Education researchers seek to bridge gap between scholarship and policy

Faculty researchers Francesca Lopez, Royel Johnson, Ashley Patterson and LaWanda Ward. Credit: Photos providedAll Rights Reserved.

UNIVERSITY PARK, Pa. — A group of researchers in the Penn State College of Education has been awarded a $50,000 grant from the Spencer Foundation, which they will use to help scholars who study educational equity issues to bridge the gap between research and policy.

In collaboration with Penn State’s Research to Policy Collaboration (RPC), the faculty members will invite a group of 10 scholars whose research addresses urgent issues in education inequity to participate in a conference that will be held in fall 2021 in Washington, D.C.

RPC, which provides a scientific home for the study of translating scientific evidence for decision-makers, will furnish participating scholars with evidence-based formal training and experiential learning around policy engagement that improves policymakers’ application of research evidence.

“The biggest push for us from the very beginning is that it’s very rare to see policy specific to education be implemented in ways that is actually informed by research evidence,” said Francesca López, Waterbury Chair in Equity Pedagogy in the Department of Curriculum and Instruction, who is principal investigator for the project.

“It’s always assumed that whatever we’re researching has policy implications. There’s rarely, if ever, explicit training on how to make research relevant to policymakers," added López.

López, along with co-principal investigators Royel Johnson, assistant professor of education (higher education) and research associate in the Center for the Study of Higher Education (CSHE); LaWanda Ward, assistant professor of education and research associate in the CSHE; and Ashley Patterson, assistant professor of education (language, culture and society), were awarded funding by the Spencer Foundation for their project, “Translating Critical Race Research for Evidenced-Based Policymaking.”

The foundation’s Conference Grant Program provides support to scholars to organize small research conferences, focused symposia or other forms of convenings around important issues in education research.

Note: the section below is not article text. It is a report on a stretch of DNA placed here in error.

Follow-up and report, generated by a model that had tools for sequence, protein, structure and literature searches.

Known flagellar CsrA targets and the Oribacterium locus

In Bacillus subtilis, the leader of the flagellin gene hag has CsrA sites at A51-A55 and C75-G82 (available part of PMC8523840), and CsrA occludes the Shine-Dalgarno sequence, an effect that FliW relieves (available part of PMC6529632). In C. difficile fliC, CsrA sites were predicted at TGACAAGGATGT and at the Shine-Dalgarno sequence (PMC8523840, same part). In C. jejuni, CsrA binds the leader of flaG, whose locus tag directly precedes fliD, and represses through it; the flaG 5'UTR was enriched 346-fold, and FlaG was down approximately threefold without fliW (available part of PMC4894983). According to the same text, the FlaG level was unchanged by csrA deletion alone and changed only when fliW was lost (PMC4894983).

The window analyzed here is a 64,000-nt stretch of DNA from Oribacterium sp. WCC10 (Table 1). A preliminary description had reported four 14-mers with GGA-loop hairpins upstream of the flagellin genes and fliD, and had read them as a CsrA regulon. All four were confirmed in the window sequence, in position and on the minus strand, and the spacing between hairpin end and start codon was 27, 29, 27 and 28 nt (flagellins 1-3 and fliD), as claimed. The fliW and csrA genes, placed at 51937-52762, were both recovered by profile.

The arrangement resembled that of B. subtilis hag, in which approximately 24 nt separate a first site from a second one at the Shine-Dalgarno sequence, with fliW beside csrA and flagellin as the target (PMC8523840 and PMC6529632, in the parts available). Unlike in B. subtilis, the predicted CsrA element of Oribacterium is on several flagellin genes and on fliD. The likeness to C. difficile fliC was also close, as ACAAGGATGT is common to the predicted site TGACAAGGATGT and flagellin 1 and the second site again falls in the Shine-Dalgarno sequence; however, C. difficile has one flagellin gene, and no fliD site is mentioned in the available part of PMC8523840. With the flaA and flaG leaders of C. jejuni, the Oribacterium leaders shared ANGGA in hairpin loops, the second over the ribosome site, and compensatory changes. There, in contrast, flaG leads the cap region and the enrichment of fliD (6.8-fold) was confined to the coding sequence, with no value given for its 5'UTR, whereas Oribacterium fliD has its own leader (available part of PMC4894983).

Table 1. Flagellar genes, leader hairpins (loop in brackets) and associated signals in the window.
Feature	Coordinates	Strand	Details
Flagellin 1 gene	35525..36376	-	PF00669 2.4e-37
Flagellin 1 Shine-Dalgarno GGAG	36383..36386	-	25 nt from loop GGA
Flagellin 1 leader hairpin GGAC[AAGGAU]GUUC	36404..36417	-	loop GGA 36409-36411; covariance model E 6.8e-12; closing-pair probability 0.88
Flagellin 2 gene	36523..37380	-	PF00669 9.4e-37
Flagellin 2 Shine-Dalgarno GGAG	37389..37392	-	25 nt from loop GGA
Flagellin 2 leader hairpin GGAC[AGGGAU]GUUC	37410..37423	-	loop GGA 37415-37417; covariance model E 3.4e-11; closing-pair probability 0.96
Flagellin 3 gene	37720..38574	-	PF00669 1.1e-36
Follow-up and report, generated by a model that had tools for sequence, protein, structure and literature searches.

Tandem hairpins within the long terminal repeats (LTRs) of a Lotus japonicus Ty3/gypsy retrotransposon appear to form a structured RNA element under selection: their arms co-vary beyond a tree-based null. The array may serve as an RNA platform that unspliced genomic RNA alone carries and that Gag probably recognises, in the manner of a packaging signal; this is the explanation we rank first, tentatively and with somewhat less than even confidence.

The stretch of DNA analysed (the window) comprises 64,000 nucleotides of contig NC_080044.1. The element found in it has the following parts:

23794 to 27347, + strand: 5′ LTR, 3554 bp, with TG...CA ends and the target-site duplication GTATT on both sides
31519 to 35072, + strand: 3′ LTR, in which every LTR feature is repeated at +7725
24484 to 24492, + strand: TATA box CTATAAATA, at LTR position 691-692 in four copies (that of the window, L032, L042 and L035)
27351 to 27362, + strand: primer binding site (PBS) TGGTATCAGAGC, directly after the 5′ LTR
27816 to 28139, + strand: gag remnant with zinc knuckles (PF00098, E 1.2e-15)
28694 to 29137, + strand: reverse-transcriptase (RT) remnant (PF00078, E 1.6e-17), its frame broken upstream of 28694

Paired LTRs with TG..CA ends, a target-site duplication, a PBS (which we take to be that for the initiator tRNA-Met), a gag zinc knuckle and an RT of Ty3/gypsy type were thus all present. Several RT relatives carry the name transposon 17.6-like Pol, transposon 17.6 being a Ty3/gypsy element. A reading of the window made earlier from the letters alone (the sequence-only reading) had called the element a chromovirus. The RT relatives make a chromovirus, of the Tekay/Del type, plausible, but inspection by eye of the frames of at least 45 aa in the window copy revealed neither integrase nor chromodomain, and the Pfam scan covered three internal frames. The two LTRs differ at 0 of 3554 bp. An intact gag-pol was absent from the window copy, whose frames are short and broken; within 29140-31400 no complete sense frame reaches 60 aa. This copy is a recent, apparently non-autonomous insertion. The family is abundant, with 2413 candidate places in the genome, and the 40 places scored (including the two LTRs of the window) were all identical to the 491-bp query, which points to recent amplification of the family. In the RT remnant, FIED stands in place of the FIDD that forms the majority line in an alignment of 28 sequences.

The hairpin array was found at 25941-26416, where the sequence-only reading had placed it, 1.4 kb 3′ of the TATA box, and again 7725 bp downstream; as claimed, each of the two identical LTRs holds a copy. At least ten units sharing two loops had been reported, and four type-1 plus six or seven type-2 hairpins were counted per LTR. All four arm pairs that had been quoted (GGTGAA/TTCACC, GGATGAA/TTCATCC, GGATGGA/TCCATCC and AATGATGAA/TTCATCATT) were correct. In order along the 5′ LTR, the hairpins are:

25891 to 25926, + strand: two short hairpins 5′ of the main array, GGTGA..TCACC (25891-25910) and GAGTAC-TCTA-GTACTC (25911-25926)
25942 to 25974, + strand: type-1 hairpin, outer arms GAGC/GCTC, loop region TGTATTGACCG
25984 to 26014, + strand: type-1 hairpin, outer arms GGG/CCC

López said that an overarching theme of the conference is the need to harness the power and potential of Critical Race Theory (CRT) across methodological and disciplinary divides.

CRT is an academic movement made up of civil-rights scholars and activists in the United States who seek to critically examine the law as it intersects with issues of race, and to challenge mainstream liberal approaches to racial justice.

“This work is incredibly important and timely,” said Patterson. “Across the country at the federal, state and local levels of policy and educational policy in particular, critical race theory is under attack.”

In addition to the $50,000 grant from the Spencer Foundation, the faculty members received resources from the College of Education through a Research Initiation Grant that will “allow us to study the experiences of BIPOC  (Black, Indigenous, people of color) scholars who participated in the training and what was their experience interacting with policymakers,” Johnson said.

Additionally, the team has a proposal under review with the Spencer Foundation to do follow-up research on the BIPOC scholars who attend the conference.

“For the convening, participants will develop research fact sheets and briefs. We are now seeking funding to test effective strategies for communicating and disseminating their work to legislative offices,” Johnson said.

In addition to helping researchers communicate more effectively with legislators, he added, the convening will address racial inequity in the education field in the sense that “BIPOC scholars have inequitable opportunities to have our work seen, used and taken up by policymakers.”

López added, “If you look at gatekeeping mechanisms in research and whose voice gets used, it doesn’t often come from researchers from marginalized communities. You don’t see Indigenous, Black, Latinx populations typically at the table and there’s a lot of mechanisms that create this.”

Last Updated April 27, 2021